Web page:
Today’s Courier Herald Column:
It is not terribly unusual for a sitting Congressman to speak to a group of supporters. It’s not overly unusual for said Congressman to sound an alarm over the unintended consequences of a government policy. As such, remarks made by Congressman Lynn Westmoreland to the Senoia TEA Party Patriots in Coweta County on Thursday over the plight of Georgia’s Vidalia onion crop slowly made its way to the local Newnan Times Herald on Saturday, and then were amplified by the AJC’s Jim Galloway on Monday. Perhaps a bit of additional amplification is in order.
Westmoreland’s statement regarding the indigenous South Georgia onions that “you better buy all you can this year” because next year “there’s not going to be anybody to pick them” wasn’t so much about stocking up on produce as it was a statement of farm labor in Georgia. Yet the crop known to most of Westmoreland’s suburban Atlanta constituents is the sod grown in their front lawn. Farm issues are not usually front burner political talk in Georgia’s 3rd district. The comments, and commenter, become more intriguing when certain relationships are added in for perspective, however.
Westmoreland was among the earliest and strongest backers of Governor Nathan Deal. Deal campaigned on a strong, Arizona style immigration reform law. Yet the controversial bill was opposed by the Georgia Chamber and Georgia Farm Bureau. Westmoreland’s remarks directly to a TEA Party organization stating that needed immigration reforms to allow for additional migrant workers would be “politically uncomfortable for a lot of people” could be seen as an assist to a Governor who may need to backtrack on a legislation after just one year.
Westmoreland also represents neighboring Fayette County, home to State Representative Matt Ramsey, the chief sponsor and biggest defender of the tough Georgia reform law. His remarks could be seen as a bit of a rebuke to an immigration stance that is blamed by many in the state’s southern regions for being out of touch with their economic needs. They could also be seen as giving Ramsey cover should he too need to revisit the legislation during the upcoming session.
An advisor to Westmoreland told me earlier today that the primary motivation for his remarks were a longstanding effort between he and First District Congressman Jack Kingston, and were about national issues rather than any response to state legislation. Both congressmen believe that the Federal Government has not done enough to address problems with legal immigration, and as such, the proliferation of illegal immigration has filled the void.
At the heart of the issue is the Federal Government’s inability to process enough work visas or to process those that they are able to complete quickly enough. This, combined with the low chance of being caught without a visa and minimal consequences for those who are, has led to employers opting for illegal workers and for an unending stream of those who would take the jobs.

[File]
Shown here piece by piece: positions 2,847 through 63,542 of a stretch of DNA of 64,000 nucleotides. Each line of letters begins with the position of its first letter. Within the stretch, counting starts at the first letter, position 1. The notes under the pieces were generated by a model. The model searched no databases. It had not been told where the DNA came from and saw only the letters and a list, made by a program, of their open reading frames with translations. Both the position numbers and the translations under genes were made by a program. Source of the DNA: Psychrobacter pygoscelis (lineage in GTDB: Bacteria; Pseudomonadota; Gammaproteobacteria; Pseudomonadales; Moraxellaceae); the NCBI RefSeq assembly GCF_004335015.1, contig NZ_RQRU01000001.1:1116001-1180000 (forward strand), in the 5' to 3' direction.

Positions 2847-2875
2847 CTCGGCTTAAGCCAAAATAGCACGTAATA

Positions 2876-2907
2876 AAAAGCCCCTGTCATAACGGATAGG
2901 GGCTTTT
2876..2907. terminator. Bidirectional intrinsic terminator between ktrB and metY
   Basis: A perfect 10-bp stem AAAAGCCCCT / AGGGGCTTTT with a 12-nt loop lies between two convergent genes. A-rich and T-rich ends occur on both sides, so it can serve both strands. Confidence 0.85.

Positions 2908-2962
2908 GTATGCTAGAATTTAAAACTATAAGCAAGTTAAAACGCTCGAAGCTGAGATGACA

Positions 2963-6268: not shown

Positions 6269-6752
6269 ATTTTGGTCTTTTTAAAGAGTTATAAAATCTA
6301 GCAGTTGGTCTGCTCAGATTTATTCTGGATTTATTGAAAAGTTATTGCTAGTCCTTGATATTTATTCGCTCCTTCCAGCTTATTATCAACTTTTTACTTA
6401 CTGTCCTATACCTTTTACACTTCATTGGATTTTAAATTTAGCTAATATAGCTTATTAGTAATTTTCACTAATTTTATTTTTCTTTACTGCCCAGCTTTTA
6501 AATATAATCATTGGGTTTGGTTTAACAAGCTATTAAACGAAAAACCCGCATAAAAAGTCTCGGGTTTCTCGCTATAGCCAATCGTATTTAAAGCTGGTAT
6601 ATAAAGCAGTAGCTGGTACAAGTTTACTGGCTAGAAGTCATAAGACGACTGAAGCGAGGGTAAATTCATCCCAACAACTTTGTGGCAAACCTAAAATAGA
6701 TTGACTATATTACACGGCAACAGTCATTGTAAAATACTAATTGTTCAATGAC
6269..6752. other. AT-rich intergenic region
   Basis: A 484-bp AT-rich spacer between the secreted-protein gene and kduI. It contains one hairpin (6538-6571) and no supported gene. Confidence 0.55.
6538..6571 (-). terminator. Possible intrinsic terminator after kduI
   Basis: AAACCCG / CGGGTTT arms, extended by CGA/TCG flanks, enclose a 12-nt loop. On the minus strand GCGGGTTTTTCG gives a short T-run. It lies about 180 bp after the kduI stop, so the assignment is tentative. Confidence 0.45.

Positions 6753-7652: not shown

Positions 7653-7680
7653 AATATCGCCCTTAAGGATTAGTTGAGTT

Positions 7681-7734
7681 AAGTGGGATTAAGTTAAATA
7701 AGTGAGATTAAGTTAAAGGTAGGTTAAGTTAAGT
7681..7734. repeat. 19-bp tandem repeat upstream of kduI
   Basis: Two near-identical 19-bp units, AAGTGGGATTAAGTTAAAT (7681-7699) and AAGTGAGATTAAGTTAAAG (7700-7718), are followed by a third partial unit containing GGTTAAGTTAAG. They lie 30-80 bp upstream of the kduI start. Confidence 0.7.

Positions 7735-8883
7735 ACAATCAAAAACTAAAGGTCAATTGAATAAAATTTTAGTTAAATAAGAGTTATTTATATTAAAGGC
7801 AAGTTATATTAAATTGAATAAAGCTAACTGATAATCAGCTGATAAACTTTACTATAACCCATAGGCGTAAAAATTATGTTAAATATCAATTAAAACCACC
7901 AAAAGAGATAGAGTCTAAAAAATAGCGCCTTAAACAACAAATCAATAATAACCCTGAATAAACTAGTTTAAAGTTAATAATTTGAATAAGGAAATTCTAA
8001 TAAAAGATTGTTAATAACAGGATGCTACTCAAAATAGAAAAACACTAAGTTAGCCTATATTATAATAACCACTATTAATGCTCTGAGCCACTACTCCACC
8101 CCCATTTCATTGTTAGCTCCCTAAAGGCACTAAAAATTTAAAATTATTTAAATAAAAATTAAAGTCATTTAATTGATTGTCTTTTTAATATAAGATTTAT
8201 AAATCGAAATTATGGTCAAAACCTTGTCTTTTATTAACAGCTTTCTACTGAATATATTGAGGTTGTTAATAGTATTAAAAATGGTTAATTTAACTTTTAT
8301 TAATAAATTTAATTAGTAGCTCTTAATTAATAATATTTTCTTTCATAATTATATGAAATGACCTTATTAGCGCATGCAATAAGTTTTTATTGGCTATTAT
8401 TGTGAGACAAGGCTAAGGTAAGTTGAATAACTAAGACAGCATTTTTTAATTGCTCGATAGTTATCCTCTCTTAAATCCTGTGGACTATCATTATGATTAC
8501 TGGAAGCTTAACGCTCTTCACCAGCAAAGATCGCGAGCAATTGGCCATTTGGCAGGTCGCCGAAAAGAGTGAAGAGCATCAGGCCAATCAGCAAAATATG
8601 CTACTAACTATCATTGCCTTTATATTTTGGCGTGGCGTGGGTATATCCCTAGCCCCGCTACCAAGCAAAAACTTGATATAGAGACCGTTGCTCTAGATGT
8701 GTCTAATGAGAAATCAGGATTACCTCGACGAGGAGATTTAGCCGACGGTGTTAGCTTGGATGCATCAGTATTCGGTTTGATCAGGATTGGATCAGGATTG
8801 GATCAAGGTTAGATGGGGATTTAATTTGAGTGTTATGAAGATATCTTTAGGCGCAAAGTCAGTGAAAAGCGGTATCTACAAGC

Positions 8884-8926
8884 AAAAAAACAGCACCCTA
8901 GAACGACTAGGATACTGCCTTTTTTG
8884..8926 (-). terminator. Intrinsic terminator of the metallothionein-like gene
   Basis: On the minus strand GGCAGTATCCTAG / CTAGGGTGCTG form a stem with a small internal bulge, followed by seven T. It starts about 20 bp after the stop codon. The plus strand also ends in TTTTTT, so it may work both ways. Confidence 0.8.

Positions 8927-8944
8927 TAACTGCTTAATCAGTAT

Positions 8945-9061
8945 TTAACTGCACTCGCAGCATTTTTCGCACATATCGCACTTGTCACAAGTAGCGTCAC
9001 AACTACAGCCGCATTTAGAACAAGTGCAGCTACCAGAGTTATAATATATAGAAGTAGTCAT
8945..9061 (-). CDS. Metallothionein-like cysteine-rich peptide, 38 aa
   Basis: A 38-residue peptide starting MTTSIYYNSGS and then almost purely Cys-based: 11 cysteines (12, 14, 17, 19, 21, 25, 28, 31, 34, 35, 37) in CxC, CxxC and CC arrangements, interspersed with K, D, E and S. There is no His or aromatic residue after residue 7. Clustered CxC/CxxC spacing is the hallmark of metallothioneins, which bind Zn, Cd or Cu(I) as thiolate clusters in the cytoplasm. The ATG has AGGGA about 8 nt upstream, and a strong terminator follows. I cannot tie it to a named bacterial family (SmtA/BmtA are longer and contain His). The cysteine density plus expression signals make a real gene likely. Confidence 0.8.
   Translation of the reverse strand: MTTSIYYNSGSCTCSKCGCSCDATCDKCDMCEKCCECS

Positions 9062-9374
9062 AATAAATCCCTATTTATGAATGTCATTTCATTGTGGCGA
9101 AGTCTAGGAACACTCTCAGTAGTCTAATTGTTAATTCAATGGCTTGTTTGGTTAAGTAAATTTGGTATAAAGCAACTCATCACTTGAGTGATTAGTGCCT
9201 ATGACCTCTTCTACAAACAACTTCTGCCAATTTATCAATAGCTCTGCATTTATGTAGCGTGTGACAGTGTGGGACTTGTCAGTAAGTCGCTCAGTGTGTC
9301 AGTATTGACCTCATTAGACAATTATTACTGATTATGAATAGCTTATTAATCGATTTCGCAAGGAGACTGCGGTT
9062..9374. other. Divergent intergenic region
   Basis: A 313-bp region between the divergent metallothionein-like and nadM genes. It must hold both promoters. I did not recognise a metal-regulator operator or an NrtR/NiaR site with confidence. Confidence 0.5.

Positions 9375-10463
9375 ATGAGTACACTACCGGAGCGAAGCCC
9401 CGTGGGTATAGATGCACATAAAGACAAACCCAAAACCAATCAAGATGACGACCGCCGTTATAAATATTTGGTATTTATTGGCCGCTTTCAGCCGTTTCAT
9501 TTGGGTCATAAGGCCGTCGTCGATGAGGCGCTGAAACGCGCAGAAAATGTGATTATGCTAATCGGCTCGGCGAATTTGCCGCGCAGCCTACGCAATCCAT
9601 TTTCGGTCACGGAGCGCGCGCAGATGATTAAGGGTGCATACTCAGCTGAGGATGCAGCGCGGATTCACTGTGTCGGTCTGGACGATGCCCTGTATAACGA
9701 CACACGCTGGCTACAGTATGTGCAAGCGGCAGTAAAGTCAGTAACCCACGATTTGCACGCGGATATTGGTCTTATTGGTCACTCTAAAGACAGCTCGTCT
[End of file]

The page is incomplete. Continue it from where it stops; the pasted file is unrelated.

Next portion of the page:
Westmoreland believes that one restriction on legal immigrant workers is that they must not be allowed to bring families with them while employed on seasonal work visas. The draw for an American education, medical treatment required to be administered from emergency rooms, and citizenship for any child born here have changed seasonal workers into full time residents, and have turned the legal into illegal immigrants over time.
Westmoreland and Kingston appear to be getting ahead of actual legislation, softening opposition by appearing before groups who have previously denounced documenting those working here as “amnesty”. But with Georgia losing millions in its signature onion crop this year, and millions more on other crops which went unpicked, Westmoreland and Kingston see a potential opportunity to strike a balance between being tough on illegal immigration, but making the process of documenting seasonal immigrant workforces easier and more efficient.
The other curious item missing from this conversation is the participation of the Congressman whose district includes Vidalia and its onions, John Barrow. Perhaps neither Westmoreland nor Kingston has invited him to work on the legislation, or he has shown disinterest. Or perhaps they just want to make sure residents in the redrawn 12th district understand that despite what may have occurred under the Gold Dome last session, the GOP does understand that the crops need labor to be picked. Or perhaps, just perhaps, the biggest concern of the Senoia TEA Party Patriots is next year’s onion supply.